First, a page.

by Hunter Dawkins, Publisher
In this report, Long Beach Mayor George Bass was fined $5352.66 for “inappropriate” work on private property. This action happened in March 2021, when Bass & City Public Works employees inspected the area of Alexander Road, North of Railroad Street, for persistent complaints of flooding and standing water issues. After receiving recommendations from Public Works and two Mississippi Attorney General opinions from the City Attorney Steve Simpson (2013-00324 & 2012-00249), the Mayor moved forward with the administrative procedure to correct the drainage.
At a May 4, 2021 Long Beach Board of Aldermen meeting the discussion was brought up about the work on the private property. Following Simpson’s response, citing the Attorney General’s opinion and historical research for correcting and mitigating drainage issues caused by the city, Aldermen Timothy McCaffrey of Ward 4 and Tricia Bennett of Ward 6 noted on the record their disagreement with the decision.
Shortly after, a letter was sent to the State Auditor’s office informing White about the operation. Then, the State Auditor’s office sent a special agent to conduct an investigation about the matter and make a determination.
Bass & Simpson met with the Special Agent, the City Attorney used the two Attorney General opinions, which both state “a municipality in accordance with Mississippi Code Annotated Section 21-19-13, may perform drainage work on streams and water courses to correct drainage issues if the work performed ‘will promote the health, comfort, and the convenience of the inhabitants of the municipality.”
Additionally; according to Long Beach City Attorney Simpson, the opinion further declared, “Governing authorities may perform work to prevent erosion and flooding on private property adjacent to the city right-of-way with the permission of the landowner, to correct unsafe conditions, provided that such work is for the purpose of mitigating its damages.”
However, the Staff Attorney of the State Auditor responded to the city’s appeal; using the same opinion, conveying that “the agent explained the Mayor misused public property when he ordered work to be completed on private property without having the directive spread on the minutes.”
“All city or taxpayer funds have been completely reimbursed,” said Mayor Bass in his public statement last Friday. “Based upon the information at hand, and the legal authority provided by the City Attorney, I respectfully disagree with the Auditor’s determination; however, I respect the authority of the State Auditor’s Office and have fully complied with the requirements of its investigation.”
On July 26, 2021, Mayor Bass set an executive order for a mask mandate in all city buildings because of the spread of the Delta variant from the global pandemic COVID-19 (coronavirus). “The health and safety of our customers and employees is paramount,” said Bass in his social media statement. “We ask citizens and business owners to still follow the recommended CDC and Department of Health guidelines.”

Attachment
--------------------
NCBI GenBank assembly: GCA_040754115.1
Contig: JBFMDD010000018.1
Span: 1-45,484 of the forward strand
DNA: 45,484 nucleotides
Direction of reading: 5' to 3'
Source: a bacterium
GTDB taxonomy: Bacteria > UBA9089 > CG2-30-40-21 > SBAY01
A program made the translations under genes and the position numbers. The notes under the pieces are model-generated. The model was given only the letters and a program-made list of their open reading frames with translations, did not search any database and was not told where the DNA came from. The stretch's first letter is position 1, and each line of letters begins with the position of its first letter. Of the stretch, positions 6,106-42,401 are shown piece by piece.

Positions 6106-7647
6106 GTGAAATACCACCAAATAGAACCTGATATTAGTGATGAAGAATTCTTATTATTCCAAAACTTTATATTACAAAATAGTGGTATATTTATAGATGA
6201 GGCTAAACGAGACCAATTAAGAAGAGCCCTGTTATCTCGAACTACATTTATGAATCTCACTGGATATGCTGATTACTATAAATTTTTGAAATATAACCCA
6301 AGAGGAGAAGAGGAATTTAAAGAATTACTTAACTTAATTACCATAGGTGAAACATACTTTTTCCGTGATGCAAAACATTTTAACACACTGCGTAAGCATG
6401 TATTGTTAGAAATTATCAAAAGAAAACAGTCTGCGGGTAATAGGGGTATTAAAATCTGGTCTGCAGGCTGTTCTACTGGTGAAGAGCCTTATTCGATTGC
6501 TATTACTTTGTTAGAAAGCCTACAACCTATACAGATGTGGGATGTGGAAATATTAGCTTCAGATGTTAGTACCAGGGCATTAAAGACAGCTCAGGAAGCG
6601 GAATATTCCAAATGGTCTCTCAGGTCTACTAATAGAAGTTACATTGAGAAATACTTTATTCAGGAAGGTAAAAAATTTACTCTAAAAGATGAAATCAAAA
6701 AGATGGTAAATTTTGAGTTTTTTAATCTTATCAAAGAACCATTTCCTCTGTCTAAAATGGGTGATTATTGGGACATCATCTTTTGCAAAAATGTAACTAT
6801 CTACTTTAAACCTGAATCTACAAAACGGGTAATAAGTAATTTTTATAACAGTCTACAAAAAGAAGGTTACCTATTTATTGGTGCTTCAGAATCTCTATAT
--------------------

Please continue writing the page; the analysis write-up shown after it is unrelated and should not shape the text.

After a raucous response from social media, recently elected Ward 1 Alderman Patrick Bennett stated, “I would like to make it clear that this was not a city decision. This was an executive order handed down solely by the Mayor. This was not voted on by myself or the council.”
At the August 3 meeting, Mayor Bass spoke about the need to protect the city employees from the spread of the virus. Patrick Bennett inquired to Simpson about executive authority relating to the matter, which Simpson believed the mayor had the right, under administrative procedural power.
In a July 27 letter sent to the Mississippi Attorney General Lynn Fitch by Alderman Patrick Bennett (according to Simpson), the question was made “if the mayor of Long Beach to enact a mask mandate without the authority of the city’s aldermen, except in exercise of a mayor’s emergency powers as provided in Section 33-15-17.”
Since Mayor Bass had not declared an emergency, the query raised to the Attorney General Fitch about whether the mayor of Long Beach “operating under a Code Charter form a governance” had the executive authority to operate this mandate, “as such powers are outlined in Section 21-3-1, et seq. of the Mississippi Code of 1972.”
“In the beginning of the COVID-19 pandemic; in accordance with State law, declared a ‘civil’ and ‘local’ emergency. On March 21, 2020 I also issued an Emergency Proclamation to combat the spread of the virus. On the same day, the Board of Alderman adopted a resolution by unanimous vote to support and affirm the Proclamation. Over time, I have issued four supplements to the proclamation as new information and efforts developed to protect our citizens and employees,” stated Bass in acknowledging the Attorney General letter. “I was not informed, nor was it brought to the attention of the Board of Alderman at the August 3rd regular meeting, that Alderman Bennett had sought an AG opinion questioning my efforts to combat the recent spike in Covid cases, so I can not speak to his intentions.”
Changes in numerous state and municipal officials have determined new outcomes. Both the taxpayers of the city and state will benefit from their willingness to assure accountability in government.
No response has been delivered from the Attorney General’s Office yet.